Charted and Uncharted Territories: Common Cause and the Role of the Anarchist Organization

By 1 Kitchener-Waterloo member, 1 Toronto member, and 2 Hamilton members

I. On the Question of Organization

The decision by a group of people, no matter how few, to commit themselves to collective and protracted struggle and to reject ‘on the go’ politics, shapes everything that follows.
Grace Lee Boggs (1972), Organization Means Commitment

These days, the phrase “anarchist organization” is widely seen as a contradiction of terms. For those whose opinions of anarchism are shaped by dominant society, this is perfectly understandable. In the crude caricature fashioned by capitalist media depictions and reinforced through popular culture, anarchy is synonymous with chaos, spontaneous violence, and a vicious, Hobbesian state of nature.

However, more pertinent to us is that even within anarchist circles, the idea of an anarchist organization is often seen either as an oxymoron, or more commonly, as an inherently authoritarian structure somewhat akin to a Leninist cult. And as anarchists who have derived considerable practical benefits from our participation in a formally structured organization, we feel that much of this confusion boils down to a misunderstanding of terms and history.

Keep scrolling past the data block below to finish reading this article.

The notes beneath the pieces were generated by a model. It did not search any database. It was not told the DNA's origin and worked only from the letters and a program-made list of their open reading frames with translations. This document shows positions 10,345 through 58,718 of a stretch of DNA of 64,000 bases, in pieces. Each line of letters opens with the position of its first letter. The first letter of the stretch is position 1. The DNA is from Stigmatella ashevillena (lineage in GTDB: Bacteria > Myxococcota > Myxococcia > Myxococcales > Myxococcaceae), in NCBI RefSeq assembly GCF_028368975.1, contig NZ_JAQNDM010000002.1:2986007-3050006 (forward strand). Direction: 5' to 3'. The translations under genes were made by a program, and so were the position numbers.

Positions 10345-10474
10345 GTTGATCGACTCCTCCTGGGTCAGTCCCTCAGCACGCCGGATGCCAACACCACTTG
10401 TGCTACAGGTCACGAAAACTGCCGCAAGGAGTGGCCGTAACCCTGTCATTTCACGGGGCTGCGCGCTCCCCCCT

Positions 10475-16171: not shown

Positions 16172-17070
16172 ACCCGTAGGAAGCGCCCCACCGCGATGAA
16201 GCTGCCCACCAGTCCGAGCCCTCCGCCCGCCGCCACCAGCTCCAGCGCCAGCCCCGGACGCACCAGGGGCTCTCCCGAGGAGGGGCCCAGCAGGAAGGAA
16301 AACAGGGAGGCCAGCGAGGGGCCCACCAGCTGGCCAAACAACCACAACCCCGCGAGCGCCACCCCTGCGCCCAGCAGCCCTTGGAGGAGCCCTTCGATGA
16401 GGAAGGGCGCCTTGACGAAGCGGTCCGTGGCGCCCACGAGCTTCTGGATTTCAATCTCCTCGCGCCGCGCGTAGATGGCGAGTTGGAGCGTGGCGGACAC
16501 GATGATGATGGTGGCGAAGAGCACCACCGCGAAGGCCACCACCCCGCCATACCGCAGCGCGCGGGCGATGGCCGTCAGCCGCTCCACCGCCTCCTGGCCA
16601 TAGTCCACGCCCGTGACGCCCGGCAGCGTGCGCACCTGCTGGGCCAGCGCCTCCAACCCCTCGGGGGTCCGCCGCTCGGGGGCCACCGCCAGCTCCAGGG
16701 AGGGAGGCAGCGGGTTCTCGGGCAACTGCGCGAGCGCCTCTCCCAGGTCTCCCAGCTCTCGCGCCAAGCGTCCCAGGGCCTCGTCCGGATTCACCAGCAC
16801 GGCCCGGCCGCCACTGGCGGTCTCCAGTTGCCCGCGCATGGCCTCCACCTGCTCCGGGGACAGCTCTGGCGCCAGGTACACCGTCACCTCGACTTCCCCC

There has always been well-defined distinctions between different types of revolutionary organization. Whereas Marxist-Leninists of various stripes have sought to lead the masses to revolution under the strategic direction of a vanguard party (with the goal of seizing state power for themselves), anarchists have sought to create, through the establishment of specific anarchist organizations, a “vanguard of ideas.” That is, through direct participation in struggle, and through the creation and distribution of revolutionary propaganda, anarchists have historically attempted to provide insight on movements of the class, while popularizing anarchist strategy and tactics. Because specific anarchist organizations yield no kind of authoritative power, nor do they seek to, they rely solely on the strength of their ideas and practice to influence others. read more